Very low: Corresponds to very little certainty in the effect estimate; the true effect is likely to be substantially different from the estimate of effect.

Methods Used to Analyze the Evidence

Meta-Analysis

Systematic Review

Description of the Methods Used to Analyze the Evidence

Extraction of Evidence

Quantitative data pertaining to the outcomes of interest as well as information necessary for systematic evaluation and grading of the evidence were extracted from accepted articles using a dedicated spreadsheet. Articles determined to lack quantitative data or with data presented in a format incompatible with desired statistical analyses were rejected at this stage, but used selectively for further discussion. In instances where desired data were available but not presented in the desired format, the authors were contacted, and raw data were acquired if possible. Data were pooled across the studies for each outcome measure in accordance with Population, Intervention, Comparison, and Outcome (PICO) questions and based on diagnosis, study design, patient population, clinical outcome of interest, and method of derivation (e.g., polysomnography [PSG] derived data were analyzed separately from data derived from actigraphy or sleep diaries).

Statistical Analyses

Meta-analyses were completed (in the few instances possible) using the random effects model. All computations were performed using the Review Manager software, and included calculations of the mean difference (MD) ± standard deviation (SD) for CRITICAL outcomes. Values analyzed in this manner are displayed to the hundredths place. Age demographics and information regarding melatonin doses are presented in the format provided by the associated study (mean ± SD if available) but, in an effort to maintain consistency, are displayed only to the tenths place in instances where the authors provided values with numerical place values of lower hierarchy. The results of meta-analyses are depicted in figures within the text, in association with a "forest plot." Summary of findings tables for all investigations are presented in the Appendix in the original guideline document.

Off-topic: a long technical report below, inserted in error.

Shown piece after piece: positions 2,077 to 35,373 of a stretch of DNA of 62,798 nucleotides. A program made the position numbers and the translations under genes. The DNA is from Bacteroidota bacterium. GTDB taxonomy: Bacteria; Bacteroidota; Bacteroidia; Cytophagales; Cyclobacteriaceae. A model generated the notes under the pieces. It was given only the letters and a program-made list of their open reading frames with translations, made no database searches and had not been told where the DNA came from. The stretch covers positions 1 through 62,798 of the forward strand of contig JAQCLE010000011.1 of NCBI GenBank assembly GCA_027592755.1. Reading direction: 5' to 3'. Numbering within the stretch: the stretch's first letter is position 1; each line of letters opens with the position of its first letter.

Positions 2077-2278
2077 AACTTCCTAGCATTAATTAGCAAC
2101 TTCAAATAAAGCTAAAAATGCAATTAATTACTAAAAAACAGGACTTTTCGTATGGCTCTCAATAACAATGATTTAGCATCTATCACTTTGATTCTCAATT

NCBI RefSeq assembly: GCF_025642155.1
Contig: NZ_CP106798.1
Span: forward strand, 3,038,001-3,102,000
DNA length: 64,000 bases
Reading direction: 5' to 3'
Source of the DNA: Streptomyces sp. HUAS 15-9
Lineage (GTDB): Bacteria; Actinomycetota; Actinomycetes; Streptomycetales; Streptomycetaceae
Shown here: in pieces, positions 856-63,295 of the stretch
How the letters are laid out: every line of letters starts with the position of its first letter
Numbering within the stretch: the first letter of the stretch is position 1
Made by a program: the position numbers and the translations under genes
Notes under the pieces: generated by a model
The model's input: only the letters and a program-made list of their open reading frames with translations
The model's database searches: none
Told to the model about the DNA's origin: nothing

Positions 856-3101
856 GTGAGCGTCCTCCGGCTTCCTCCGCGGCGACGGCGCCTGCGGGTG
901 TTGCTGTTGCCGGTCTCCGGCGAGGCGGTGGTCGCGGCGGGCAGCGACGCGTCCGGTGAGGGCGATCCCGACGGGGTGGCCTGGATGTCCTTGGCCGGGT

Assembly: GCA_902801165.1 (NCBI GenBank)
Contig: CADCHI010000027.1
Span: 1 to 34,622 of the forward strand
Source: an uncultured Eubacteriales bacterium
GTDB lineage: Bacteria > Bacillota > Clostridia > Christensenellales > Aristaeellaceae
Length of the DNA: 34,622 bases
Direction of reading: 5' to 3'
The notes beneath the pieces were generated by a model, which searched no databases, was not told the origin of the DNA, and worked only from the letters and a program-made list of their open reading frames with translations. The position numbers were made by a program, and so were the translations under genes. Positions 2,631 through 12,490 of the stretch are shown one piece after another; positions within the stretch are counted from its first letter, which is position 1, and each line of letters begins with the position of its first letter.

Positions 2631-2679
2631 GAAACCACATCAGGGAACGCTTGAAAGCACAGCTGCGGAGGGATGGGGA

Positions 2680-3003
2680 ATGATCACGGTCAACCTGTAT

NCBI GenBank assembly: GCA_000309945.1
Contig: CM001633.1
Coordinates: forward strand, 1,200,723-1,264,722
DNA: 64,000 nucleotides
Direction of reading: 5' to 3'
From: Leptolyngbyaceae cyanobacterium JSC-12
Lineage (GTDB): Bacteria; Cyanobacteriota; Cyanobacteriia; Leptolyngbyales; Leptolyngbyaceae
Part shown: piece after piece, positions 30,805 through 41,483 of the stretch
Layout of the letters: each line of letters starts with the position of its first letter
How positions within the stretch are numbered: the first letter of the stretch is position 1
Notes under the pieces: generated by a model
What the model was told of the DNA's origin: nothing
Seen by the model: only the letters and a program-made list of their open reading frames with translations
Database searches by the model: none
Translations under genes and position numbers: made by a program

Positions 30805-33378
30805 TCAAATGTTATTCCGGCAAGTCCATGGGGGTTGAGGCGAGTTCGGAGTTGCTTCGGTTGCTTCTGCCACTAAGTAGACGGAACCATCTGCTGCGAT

When studies contained placebo/control groups, the evaluation of the effect of treatment was performed by comparison of averaged posttreatment and averaged post-placebo/control group values, regardless of the authors' approaches. In studies with crossover or "before-after" designs where there was no placebo/control group, posttreatment values were compared to baseline values. Our use of this methodology occasionally produced results that differed from those reported in the original publications.

Quality of Evidence

The Grading of Recommendations Assessment, Development and Evaluation (GRADE) approach was used for the assessment of quality of evidence (see the "Rating Scheme for the Strength of the Evidence" field). In contrast to other methods, an estimate of effect is generated for critical outcomes across studies, as opposed to an evaluation of individual studies. Multiple aspects of quality of evidence are assessed, with downgrading of evidence as applicable (see Table 3 in the original guideline document).

The body of evidence for each outcome was assessed and graded, taking into account quality considerations based on the quantitative analysis and other major factors described above. CRITICAL outcome results are presented as summary of findings tables organized by PICO question and patient population (see the Appendix [Tables S1–S12] in the original guideline document).

A cumulative quality grade for a particular PICO question and patient population is predicated upon the lowest level of evidence assigned to one of the CRITICAL outcomes. Thus, if a recommendation was based upon two outcomes, one of moderate and one of low quality, the overall grade would be low.

Methods Used to Formulate the Recommendations

Expert Consensus

Description of Methods Used to Formulate the Recommendations

Expert Task Force

In order to develop these Clinical Practice Guidelines, the American Academy of Sleep Medicine (AASM) commissioned a Task Force (TF) of four members with expertise in the field of circadian rhythm sleep-wake disorders (CRSWDs), appointed an AASM Board of Directors (BOD) liaison, and assigned an AASM Science and Research Department staff member to manage the project. The Task Force performed an extensive review of the scientific literature and assessed the available evidence employing the methodology of evidence-based medicine (specifically, meta-analysis and the Grading of Recommendations Assessment, Development and Evaluation system [GRADE]) to draft recommendations.

PICO Questions

Eight PICO (Population, Intervention, Comparison, and Outcome) questions were developed, based on both the inquiries raised in the previous AASM publications and an investigation of systematic reviews, meta-analyses, and guidelines published subsequently (see Table 1 in the original guideline document). The AASM BOD ultimately approved these questions. In addition, combination treatments were also reviewed for the four intrinsic CRSWDs included in this guideline.